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Performance - Viewing

But you don't buy this stuff to run throughput tests on it. So I figured I had better see how it did with actual HD streaming.

The rule of thumb for reliable HD streaming is that you need at least 20 Mbps of steady bandwidth. In HD Streaming Smackdown: Draft 11n vs. Powerline I used a few 720p HD clips downloaded from Apple's HD Trailer website. Peak bandwidths in the collection of clips ranged from 13 to just shy of 23 Mbps. I also used these clips when I started to run viewing tests on the MCA.

The test files streamed from an old Infrant (now NETGEAR) ReadyNAS NV+ connected into my LAN gigabit switch. I used my main Dell Optiplex 755 E4400 Core2 Duo machine running XP with an ATI Radeon HD 2400 Pro video card to view the videos.

I started the test using a NETGEAR EVA8000 for video viewing. But it seemed to have problems playing the Quicktime 720p videos reliably. So as not to unnecessarily penalize the MCAs, I switched over to using my desktop machine with the VLC media player (0.9.8a), which reliably played all videos.

I viewed all videos first using a 100 Mbps Ethernet connection and verified that they played without problems. Then I switched over to the MoCA connection and was able to play all the videos without a problem!

I then kicked things up a notch and started the bi-directional IxChariot test file that I had used earlier for throughput testing. This essentially soaked up 54 Mbps of transmit and receive bandwidth. I then tried playing the 720p clips and they played ok...until the clip hit the peak bandwidth points, where the video stuttered, then froze. But this shouldn't be surprising since I found that 70 Mbps is the max rate for a single connection and the video peak bandwidth was over 20 Mbps.

The more important discovery, however, was that there didn't appear to be any QoS kicking in to dial back the bandwidth on the data stream to give more to the video stream.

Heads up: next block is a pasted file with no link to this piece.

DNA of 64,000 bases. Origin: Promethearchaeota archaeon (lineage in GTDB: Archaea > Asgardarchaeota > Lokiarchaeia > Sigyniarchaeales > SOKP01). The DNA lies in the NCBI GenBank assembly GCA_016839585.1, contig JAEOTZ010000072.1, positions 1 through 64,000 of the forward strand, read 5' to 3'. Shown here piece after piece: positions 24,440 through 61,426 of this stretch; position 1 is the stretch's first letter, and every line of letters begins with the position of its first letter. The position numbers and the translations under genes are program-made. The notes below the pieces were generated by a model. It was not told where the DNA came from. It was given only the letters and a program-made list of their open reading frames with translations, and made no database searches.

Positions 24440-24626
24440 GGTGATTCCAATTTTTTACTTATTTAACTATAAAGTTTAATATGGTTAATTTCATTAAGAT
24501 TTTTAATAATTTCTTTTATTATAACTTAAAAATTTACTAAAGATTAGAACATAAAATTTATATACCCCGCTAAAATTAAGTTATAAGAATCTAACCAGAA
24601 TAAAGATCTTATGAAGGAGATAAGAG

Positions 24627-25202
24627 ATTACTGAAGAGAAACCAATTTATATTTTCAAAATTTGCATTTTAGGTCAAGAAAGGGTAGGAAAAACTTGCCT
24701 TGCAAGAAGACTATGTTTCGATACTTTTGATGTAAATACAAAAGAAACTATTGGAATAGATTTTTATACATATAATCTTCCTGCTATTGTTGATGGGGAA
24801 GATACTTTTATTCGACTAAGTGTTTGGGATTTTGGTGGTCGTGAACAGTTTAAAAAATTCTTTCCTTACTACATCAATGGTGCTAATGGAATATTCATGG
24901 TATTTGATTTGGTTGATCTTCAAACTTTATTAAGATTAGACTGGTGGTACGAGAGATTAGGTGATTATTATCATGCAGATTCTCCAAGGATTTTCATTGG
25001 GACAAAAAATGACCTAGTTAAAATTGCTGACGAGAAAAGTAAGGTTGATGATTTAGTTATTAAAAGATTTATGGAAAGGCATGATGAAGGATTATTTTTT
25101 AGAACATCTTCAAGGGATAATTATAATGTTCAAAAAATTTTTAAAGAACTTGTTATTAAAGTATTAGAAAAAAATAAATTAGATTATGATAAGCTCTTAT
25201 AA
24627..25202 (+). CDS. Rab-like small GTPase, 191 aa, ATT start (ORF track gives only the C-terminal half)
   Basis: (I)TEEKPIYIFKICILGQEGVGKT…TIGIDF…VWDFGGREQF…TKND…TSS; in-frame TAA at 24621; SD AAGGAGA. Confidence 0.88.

I then decided to try some 1080p Quicktime clips and found they played just fine—without the IxChariot test running, of course. Figure 18 shows the bandwidth profile of one of the clips, which peaks at around 35 Mbps.

1080p test clip bandwidth profile

Figure 18: 1080p test clip bandwidth profile

My last test consisted of running the IxChariot bi-directional data test, watching a ripped DVD (around 3 Mbps data rate) and running clips from in a Firefox window. Everything ran just fine, which I suppose I should have expected since total bandwidth was well below 70 Mbps.


Simply put, MoCA is the only "alternative networking" technology that I have laid hands on that can reliably stream HD video—even 1080p. Of course, my limited test enviroment in no way presented a difficult test environment. But then again, my wireless environment is clean and so is my powerline. And neither of those technologies have been able to do what the NETGEAR MCA1001s did.

Which makes me wonder why NETGEAR is the only company that is putting a MoCA product into retail? Is there some nasty secret that I haven't found? Or do companies fear that consumers will balk at the almost $200 price tag for a pair of MoCA adapters? Or is there more profit in selling wireless and powerline products?

I don't know the answers to those questions. But I do know this. If you need to get an HD capable Ethernet outlet somewhere, can't or don't want to run Ethernet, but have TV coax between the locations where your Ethernet is and where you need it to be, then go get a NETGEAR MCAB1001 kit. You may not like the price. But you'll love the performance.

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